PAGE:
ELLISON: Well, as of right now, this ruling only applies to those four states that you've identified there as a binding precedent for federal court purposes.

However, for the rest of the country, it serves as a, I think, model or a benchmark that, perhaps, other municipalities should take note. Because I suspect another lawyer like me is going to bring a challenge like this to their individual communities and challenge their parking enforcement officials with their chalk marks in their hometowns.

SMERCONISH: Final question, did you win --

ELLISON: So I think it's going to be a persuasive authority for others.

SMERCONISH: Did you win the battle but lose the war because, now, they'll use technology and that'll cost taxpayers more?

ELLISON: Well, all I'm looking for is to make sure that the government stays off our property. And if they're going to be looking at us with cameras and things of that nature, that's probably going to be another case for another day.

SMERCONISH: Thank you, Counsel.

ELLISON: Thank you very much for having me.

SMERCONISH: And make sure you go to the Web site,, and tell me -- agree or disagree with this week's survey question. More than anything else, the 2020 election is a referendum on one man, Donald Trump.

Still to come, people have long wondered, does compassion on the part of healthcare providers improve your chance of healing? A new book that looks at all the data says, resoundingly, yes. And one of the authors is here to explain.


[09:46:21] SMERCONISH: Compassion saves lives. That's the takeaway from a brand-new book that, for the first time, reviews all the relevant biomedical literature -- over 250 scientific research papers and more than a thousand research abstracts.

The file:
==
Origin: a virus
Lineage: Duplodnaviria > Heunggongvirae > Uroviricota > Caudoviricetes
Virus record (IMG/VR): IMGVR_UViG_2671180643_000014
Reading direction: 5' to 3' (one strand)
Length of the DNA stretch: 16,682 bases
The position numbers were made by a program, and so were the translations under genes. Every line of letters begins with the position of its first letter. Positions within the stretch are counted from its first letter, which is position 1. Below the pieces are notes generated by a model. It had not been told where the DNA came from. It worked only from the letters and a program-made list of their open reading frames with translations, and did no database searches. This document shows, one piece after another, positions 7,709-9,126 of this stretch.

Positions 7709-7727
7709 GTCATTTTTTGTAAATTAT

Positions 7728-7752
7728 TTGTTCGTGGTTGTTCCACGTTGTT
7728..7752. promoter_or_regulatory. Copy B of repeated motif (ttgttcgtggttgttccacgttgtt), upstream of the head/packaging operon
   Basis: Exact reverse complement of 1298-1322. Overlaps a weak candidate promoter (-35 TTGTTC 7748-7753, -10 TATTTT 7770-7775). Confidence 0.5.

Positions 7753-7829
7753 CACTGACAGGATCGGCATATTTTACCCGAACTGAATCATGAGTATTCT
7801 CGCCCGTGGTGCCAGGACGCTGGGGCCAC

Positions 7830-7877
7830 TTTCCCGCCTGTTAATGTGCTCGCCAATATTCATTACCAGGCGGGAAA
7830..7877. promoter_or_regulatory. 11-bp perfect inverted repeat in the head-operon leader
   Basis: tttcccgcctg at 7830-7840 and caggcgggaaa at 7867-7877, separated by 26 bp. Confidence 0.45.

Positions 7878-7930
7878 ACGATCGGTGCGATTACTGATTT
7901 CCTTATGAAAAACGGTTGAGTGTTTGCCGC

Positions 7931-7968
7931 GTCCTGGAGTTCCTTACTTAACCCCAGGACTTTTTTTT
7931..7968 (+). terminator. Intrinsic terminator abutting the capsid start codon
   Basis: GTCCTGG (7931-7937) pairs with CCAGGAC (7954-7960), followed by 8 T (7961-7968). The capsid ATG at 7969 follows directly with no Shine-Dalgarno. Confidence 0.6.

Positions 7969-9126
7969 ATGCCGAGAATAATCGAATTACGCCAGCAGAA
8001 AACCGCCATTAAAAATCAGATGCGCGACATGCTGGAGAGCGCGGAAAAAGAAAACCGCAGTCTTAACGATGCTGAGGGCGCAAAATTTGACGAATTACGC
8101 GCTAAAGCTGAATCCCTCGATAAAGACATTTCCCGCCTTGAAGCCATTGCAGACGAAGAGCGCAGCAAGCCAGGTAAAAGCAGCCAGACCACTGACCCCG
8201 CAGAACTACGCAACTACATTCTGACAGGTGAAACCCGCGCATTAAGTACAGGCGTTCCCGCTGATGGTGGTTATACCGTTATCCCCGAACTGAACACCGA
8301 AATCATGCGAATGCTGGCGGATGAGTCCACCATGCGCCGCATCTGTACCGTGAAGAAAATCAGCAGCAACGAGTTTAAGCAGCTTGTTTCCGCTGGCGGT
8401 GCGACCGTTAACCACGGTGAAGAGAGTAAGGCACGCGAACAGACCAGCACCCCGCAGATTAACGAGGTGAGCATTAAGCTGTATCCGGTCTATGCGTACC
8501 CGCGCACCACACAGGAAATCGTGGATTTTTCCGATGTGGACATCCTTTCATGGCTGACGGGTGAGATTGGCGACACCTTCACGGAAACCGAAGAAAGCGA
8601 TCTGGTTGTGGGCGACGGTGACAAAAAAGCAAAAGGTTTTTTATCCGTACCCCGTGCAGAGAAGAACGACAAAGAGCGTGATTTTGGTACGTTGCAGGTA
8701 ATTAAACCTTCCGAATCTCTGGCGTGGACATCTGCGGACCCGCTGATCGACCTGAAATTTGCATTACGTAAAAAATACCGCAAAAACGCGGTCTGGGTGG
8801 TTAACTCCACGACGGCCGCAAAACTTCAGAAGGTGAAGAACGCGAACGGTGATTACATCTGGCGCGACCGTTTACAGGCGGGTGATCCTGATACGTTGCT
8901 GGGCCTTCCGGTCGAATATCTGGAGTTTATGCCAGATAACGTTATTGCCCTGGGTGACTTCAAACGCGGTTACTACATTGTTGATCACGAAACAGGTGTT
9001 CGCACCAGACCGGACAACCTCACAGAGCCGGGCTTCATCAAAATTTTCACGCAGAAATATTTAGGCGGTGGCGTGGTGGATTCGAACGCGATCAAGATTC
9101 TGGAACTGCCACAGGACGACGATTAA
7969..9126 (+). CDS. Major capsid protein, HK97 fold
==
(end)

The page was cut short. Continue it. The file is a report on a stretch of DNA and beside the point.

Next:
It turns out that compassion from healthcare providers isn't only proper and just but also improves patient outcomes. Compassion also decreases costs and combats the burnout that is rampant among those who provide care.

Joining me now is Dr. Anthony Mazzarelli. He's the co-president of Cooper University Health Care in Camden, New Jersey and co-author of "Compassionomics: The Revolutionary Scientific Evidence That Caring Makes a Difference."

Dr. Mazz (ph), the anecdotes in your book, very interesting. I'd be willing to bet that our viewers have stories of their own about how caring doctors improved their health, but it's the data that I find most compelling. Give us the evidence that compassion improves outcomes.


First, let's talk about diabetes. So when they look at healthcare providers that score on a standard tool as high in compassion, their patients with diabetes have an 80 percent higher odds of optimal glucose control, 80 percent higher odds of normal cholesterol, and 41 percent lower odds of having complications acutely that put them in the hospital.

Now, let's talk about HIV. Johns Hopkins did a study where they asked HIV patients, does your physician know you as a person? Of the patients that said yes, 33 percent lower odds of those patients -- or higher odds of those patients actually taking their medications and 20 percent higher odds of those patients having no viral load at all of HIV in their blood.

Now, think about surgery, patients in surgery. In multiple experiments of infusing compassion from either a doctor or a nurse in the preoperative area, those patients required less sedative medications in -- before going into the O.R. And then after the O.R., those patients needed less opioid pain medication, and they got out of the hospital quicker after their surgery.

SMERCONISH: What about cost? Because I -- my sense is that a lot of this is time-based, and physicians don't have time. Healthcare today is, what, 18 percent of GDP? How can being compassionate actually improve costs?

MAZZARELLI: So I'll give you a couple -- there are several in the book, I'll give you two quick examples. The first has to do with adherence to medication. So former Surgeon General C. Everett Koop said something that he's famous for now that drugs don't work in patients that don't take them.

And so there's close to $300 billion a year in studies that show that preventable disease costs happen because people don't take their medications. And physicians who are rated higher in compassion have patients who are more likely to take their medications.